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Last week saw China, Hong Kong and Singapore announce economic measures to protect against the damage cause by the Coronavirus, Dublin named among the top FDI locations in Europe, and Japan’s first commercial-scale offshore wind farm reach a financial close.
Continue reading below to find your usual currency and market commentary and the latest headlines from around the business world.
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Currency and market commentary
Last week was a bad week for the euro, which declined against most major currencies.
Against the U.S. dollar, the euro hit a 34-month low of 1.0827, against the U.K. sterling the euro hit a 2-month low, against the Japanese yen the euro dropped to a 4-month low, and against the Swiss Franc, the common currency dropped to a near-five-year-low, at 1.0609.
In contrast to the euro, the dollar has been underpinned by the relative robustness of the U.S. economy. The dollar continues to register as the strongest of the main currencies for the year-to-date, with gains of around 4% versus the weakest of the main currencies, the Australian and New Zealand dollars.
Although the U.S. Fed has backed out of its tightening phase after hiking rates three times last year, the dollar has been underpinned by safe haven demand for Treasuries. The Eurozone economy, meanwhile, has been showing signs of sputtering.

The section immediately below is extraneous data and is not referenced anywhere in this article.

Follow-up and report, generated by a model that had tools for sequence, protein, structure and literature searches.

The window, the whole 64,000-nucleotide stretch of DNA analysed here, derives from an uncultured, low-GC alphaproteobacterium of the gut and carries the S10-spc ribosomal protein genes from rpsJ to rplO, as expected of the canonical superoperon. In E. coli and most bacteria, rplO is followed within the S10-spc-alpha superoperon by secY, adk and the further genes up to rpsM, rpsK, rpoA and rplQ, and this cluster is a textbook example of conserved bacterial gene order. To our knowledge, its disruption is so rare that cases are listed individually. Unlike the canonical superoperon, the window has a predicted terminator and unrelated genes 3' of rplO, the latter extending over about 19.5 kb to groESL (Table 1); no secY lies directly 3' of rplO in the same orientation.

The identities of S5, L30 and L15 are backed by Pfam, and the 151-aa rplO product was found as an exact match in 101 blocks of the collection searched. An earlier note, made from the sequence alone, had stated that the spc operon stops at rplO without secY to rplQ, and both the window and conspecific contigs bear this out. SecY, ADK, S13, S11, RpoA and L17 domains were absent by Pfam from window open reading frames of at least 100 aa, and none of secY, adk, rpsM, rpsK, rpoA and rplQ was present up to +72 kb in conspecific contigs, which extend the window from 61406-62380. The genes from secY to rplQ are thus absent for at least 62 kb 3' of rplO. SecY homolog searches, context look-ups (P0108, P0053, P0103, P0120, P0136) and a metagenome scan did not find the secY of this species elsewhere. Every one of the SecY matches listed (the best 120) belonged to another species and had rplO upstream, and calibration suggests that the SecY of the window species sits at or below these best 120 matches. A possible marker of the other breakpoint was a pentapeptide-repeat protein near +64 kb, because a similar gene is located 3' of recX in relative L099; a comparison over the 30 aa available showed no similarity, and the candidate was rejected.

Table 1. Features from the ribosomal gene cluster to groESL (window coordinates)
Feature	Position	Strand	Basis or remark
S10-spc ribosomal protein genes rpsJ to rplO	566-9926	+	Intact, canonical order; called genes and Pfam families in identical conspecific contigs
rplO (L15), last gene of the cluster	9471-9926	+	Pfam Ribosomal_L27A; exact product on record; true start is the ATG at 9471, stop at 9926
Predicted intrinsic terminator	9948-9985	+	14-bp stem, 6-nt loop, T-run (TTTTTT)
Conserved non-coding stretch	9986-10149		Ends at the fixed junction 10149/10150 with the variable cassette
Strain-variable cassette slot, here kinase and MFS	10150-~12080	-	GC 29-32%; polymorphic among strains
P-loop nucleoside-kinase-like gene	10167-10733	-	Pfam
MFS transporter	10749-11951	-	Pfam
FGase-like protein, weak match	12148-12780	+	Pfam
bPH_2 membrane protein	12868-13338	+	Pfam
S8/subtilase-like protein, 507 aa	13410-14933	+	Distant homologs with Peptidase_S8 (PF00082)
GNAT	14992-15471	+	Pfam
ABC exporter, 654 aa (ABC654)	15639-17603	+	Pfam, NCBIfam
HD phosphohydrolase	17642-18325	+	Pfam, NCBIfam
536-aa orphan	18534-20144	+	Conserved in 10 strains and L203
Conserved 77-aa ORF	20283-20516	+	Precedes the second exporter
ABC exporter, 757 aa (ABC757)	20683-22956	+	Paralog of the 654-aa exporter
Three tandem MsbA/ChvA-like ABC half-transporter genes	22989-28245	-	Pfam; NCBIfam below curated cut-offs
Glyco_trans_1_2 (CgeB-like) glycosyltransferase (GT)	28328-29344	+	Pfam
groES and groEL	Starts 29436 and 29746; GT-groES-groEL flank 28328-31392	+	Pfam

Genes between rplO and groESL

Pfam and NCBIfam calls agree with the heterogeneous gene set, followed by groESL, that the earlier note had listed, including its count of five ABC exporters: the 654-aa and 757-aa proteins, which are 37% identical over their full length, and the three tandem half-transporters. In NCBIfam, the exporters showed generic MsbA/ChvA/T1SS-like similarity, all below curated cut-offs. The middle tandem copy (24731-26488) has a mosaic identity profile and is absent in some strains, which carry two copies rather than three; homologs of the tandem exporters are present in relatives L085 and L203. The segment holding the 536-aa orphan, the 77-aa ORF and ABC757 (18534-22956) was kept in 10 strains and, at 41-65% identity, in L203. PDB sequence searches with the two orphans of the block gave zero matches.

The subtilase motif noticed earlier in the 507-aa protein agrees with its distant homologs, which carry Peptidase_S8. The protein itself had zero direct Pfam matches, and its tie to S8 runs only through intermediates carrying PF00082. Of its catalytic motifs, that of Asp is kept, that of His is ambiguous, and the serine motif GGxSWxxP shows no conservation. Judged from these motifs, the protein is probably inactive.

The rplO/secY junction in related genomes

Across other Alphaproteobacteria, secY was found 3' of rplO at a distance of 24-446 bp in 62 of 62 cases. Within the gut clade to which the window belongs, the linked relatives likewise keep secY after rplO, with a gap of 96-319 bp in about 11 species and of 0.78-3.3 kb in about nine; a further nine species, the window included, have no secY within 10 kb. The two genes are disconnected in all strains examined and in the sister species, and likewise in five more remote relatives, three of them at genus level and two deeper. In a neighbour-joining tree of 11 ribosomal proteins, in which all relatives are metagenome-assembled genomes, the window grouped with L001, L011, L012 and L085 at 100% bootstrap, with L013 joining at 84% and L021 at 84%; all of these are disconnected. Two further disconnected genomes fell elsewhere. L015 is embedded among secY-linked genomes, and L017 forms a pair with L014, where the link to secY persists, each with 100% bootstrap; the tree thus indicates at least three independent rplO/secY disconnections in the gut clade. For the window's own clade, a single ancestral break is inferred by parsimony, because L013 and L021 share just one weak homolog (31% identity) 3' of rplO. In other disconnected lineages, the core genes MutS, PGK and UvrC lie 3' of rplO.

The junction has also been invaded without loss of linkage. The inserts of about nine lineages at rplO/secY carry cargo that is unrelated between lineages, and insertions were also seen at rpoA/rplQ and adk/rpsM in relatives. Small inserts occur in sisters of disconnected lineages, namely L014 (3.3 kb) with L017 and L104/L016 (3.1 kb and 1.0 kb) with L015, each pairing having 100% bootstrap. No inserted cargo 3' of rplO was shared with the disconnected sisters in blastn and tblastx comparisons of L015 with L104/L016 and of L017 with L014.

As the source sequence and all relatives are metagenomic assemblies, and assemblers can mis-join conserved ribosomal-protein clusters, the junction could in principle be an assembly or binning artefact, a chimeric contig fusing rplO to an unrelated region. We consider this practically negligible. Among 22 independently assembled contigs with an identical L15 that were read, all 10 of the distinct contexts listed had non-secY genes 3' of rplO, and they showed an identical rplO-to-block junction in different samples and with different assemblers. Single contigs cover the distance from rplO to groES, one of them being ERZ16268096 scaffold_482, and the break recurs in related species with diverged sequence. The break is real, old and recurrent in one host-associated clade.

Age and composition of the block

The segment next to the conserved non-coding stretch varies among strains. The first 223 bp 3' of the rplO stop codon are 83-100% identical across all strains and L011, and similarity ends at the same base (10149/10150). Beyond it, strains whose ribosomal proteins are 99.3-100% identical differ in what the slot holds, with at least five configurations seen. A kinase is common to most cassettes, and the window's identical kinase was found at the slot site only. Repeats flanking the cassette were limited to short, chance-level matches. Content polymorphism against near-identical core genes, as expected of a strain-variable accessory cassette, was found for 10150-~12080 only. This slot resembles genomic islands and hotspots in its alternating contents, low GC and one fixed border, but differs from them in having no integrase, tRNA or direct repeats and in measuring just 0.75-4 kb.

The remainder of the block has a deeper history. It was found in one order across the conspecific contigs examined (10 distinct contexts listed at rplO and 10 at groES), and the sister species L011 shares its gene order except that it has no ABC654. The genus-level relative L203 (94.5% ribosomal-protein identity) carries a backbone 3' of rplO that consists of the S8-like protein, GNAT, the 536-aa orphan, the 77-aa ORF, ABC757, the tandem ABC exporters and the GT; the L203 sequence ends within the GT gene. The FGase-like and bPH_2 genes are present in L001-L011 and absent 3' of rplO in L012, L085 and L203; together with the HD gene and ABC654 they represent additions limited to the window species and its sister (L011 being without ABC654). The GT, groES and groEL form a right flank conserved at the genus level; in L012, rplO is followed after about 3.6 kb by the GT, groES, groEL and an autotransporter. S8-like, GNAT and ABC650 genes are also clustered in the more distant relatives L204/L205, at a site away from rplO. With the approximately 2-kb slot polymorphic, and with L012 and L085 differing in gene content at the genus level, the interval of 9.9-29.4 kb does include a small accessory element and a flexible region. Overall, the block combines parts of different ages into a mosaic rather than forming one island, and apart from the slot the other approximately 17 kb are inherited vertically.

In the U.K., the sterling rallied after an announcement that Chancellor of the Exchequer Sajid David was resigning to be replaced by Rishi Sunak. The change is part of a post-election cabinet reshuffle by prime minister Boris Johnson.
January data out of the U.K. confirmed something of a rebound in economic activity (potentially accentuated by the removal of uncertainty following the December general election). Though concerns around post Brexit divergence from the E.U. have not gone away.
The Japanese yen was fairly steady over last week, staying within a tight range.
Japan’s economy was also under increasing strain, with GDP figures released on Monday coming in far below economists’ forecasts, hitting Tokyo shares, even though reaction in the currency market was muted.
On Friday in commodities:
- Oil closed at $52.05 (-14.8% YTD)
- Gold closed at $1,583.80 (+4.4% YTD)
China, Hong Kong, and Singapore announce economic defences against coronavirus
China, Hong Kong, and Singapore are pledging extra fiscal stimulus to counter the economic hit from the coronavirus.
China said on Sunday that it will enact more-efficient stimulus measures despite a widening fiscal gap, including lower corporate taxes. Hong Kong’s top finance official said the city is facing “tsunami-like” shocks that may lead to a record budget deficit. While Singapore is headed for its biggest budget gap in almost two decades, according to analysts.
China’s Finance Minister said that Beijing would roll out targeted and phased tax and fee cuts and with the People’s Bank of China lowering one of its interest rates and making another liquidity injection.
Causing concern globally is the potential scale of the impact of disrupted supply chains.
As shown in the graphic below, the world uses a lot of Chinese intermediate products. Preventing the import of these products in an effort to arrest the spread of the coronavirus would therefore cause significant damage to global supply chains.
Source of graphic: Bloomberg.
The virus impact goes beyond retail, food and beverage and tourism-related industries, and shocks may cause unemployment to “deteriorate rapidly,” Hong Kong Financial Secretary Paul Chan said in a blog post Sunday.
Read the full report from Bloomberg by clicking here.